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Hazardous Location Requirements For Pressure Transmitters In The Oil & Gas Industry

In the dynamic and volatile environment of the oil and gas industry, it is critical that rugged, reliable measurement instrumentation is used to keep operations running smoothly and safely. As oil and gas production pushes ever further into remote locations to find new sources, the equipment used in exploration, drilling and production has become increasingly complex, making the need for dependable and durable pressure sensors more crucial than ever.

Applications that require hazardous location pressure transmitters include wellheads, drilling in completion operations, well service vehicles, drilling tools, mud systems, intelligent pigs, core analysis, compression systems and vapor recovery units.

During hydraulic fracturing, or fracking, millions of gallons of water, sand and chemical additives are pumped into the well to break apart rock and release gas and oil. These materials are injected at high pressures up to 10,000 psi down and across into horizontally drilled wells as far as 10,000 feet below the surface. The pressurized mixture causes the rock layer to crack. These fissures are held open by the sand particles or other viscous materials (proppant is often used) so that gas and oil can flow up to the well.

Pressure transmitters play an important role in the hydraulic fracturing process to monitor pressure at different stages in remote data monitoring vehicles including fracturing pumps, blending units, and cementing, wireline and workover rigs. FM, CSA and ATEX approved explosion-proof and intrinsically safe transmitters must be used for safe, reliable, repeatable performance in these applications.

Other well servicing applications include pump pressure measurement on mud logging units at drilling locations, switching control of the liquid passing from tanks to the discharge hose on liquid additive trailers, and pressure measurement on mobile and stationary equipment control panels. Pressure measurement plays a key role on the control systems of cementing trucks, valve test benches, valve actuator panels, and chemical injection skids as well.

At wellheads and Christmas trees, monitoring wellhead pressure requires the use of rugged and weather-resistant intrinsically safe or explosion-proof pressure transmitters. If the pressure is not contained during drilling operations by the column of drilling fluid, casings, wellhead, and blowout preventer, a well blowout could occur.

Downhole drilling tools use pressure transmitters to monitor hydraulic and pipeline oil pressure. This extreme environment can often require transmitters with extreme high pressure and temperature ranges.

Pressure measurement is also important in mud flow lines. This is an especially viscous application and sometimes a transmitter with a flush diaphragm or a diaphragm seal is used to avoid clogging.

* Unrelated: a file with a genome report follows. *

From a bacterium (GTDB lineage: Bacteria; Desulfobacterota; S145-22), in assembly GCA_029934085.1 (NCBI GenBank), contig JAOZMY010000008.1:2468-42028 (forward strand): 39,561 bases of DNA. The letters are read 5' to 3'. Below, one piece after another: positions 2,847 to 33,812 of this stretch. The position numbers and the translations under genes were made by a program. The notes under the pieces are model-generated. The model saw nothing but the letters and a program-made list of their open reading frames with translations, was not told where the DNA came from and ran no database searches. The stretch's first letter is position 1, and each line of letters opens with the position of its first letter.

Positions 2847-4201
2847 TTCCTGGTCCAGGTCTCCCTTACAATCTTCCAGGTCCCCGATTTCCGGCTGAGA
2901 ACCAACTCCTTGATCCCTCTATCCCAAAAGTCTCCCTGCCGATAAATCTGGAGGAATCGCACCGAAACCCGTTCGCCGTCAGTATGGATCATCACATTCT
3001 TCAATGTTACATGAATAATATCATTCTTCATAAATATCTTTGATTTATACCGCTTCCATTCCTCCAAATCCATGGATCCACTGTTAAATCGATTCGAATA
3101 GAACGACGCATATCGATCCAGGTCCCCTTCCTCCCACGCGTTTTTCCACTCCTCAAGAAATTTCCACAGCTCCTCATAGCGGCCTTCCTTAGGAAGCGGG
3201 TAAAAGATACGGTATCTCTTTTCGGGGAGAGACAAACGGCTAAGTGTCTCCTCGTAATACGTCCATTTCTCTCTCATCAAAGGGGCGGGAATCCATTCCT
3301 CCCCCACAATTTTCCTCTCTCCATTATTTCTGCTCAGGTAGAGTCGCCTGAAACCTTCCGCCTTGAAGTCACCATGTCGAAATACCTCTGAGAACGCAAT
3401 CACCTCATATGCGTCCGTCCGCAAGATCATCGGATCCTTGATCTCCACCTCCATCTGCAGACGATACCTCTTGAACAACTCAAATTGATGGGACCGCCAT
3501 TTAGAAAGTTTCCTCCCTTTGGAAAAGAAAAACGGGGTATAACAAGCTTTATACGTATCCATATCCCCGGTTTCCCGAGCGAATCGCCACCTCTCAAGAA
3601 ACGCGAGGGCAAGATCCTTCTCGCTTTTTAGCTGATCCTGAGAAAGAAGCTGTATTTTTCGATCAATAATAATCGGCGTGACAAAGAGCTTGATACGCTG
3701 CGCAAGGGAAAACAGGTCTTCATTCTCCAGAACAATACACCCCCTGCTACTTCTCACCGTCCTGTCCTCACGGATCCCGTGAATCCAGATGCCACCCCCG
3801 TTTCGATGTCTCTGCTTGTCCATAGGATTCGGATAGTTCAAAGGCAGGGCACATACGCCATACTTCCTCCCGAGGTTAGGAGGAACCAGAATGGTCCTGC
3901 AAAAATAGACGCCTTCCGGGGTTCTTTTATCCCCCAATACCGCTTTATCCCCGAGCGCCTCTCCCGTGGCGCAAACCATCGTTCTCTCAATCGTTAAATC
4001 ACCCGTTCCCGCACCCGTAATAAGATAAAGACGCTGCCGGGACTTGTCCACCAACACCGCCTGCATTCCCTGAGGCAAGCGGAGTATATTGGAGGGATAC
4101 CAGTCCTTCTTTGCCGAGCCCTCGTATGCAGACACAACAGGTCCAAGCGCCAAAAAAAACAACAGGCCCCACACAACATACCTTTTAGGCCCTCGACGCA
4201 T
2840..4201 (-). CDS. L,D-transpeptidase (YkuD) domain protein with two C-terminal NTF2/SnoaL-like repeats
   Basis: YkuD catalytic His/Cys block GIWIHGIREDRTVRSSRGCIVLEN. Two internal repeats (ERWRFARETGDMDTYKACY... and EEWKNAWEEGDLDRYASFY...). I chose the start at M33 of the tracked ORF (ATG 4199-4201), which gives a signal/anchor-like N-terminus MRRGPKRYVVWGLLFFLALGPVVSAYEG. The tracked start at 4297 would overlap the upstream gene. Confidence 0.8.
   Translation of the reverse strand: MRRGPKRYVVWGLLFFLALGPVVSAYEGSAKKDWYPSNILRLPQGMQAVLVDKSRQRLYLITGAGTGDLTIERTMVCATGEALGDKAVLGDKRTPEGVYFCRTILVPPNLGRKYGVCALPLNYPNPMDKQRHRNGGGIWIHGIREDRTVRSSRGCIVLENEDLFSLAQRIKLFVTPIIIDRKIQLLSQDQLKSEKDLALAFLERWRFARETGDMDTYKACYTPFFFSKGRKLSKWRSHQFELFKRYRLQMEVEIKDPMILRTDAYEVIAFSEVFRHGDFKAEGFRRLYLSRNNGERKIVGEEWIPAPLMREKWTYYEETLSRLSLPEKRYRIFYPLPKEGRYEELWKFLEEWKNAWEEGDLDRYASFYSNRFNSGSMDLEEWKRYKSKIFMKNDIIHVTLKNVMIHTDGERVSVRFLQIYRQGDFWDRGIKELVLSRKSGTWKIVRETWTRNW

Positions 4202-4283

Intelligent or “smart” pigs are devices that are used to test and perform maintenance operations in oil and gas pipelines, as well as inspect for leaks which could be explosive and dangerous to the environment. Multiple pressure transmitters may be attached to the pig to monitor pipeline and hydraulic pressure, including differential pressure transmitters. In this application, a transmitter with low power consumption works best to minimize energy draw from the pig battery system.

Core analysis is used to study samples of reservoir rocks which provide information on the condition of a well, including porosity, permeability, fluid saturation and grain density which can provide insight on the well’s potential productivity. During core analysis an oil sample may be forced at high pressure through a piece of rock core. It’s essential that a pressure transmitter used in this application provide high accuracy measurement up to 10,000 psi with Hastelloy or Monel construction to avoid corrosion of the diaphragm.

As EPA regulations have become more stringent to reduce the emissions produced by the disposal of saltwater and other caustic by-products of oil and gas production, reliable low pressure measurement is even more critical. Vapor recovery units are designed to comply with these EPA standards, provide the producer with additional profits that may be lost due to stock tank vapor emissions, and eliminate stock tank vapor emission into the atmosphere. Recovered vapors have a significantly higher BTU content than natural gas from the pipeline, therefore recovered vapors can be more valuable than methane alone.

Vapory recovery units, along with saltwater disposal systems and storage tanks, require precise pressure measurement to ensure optimal control and monitoring, and maximize recovered emissions and profit to the producer. Pressure transmitters used in vapor recovery control, saltwater disposal control systems, tank vent monitoring systems and liquid level monitoring in shallow tanks must offer low pressure ranges and be safe for hazardous location service.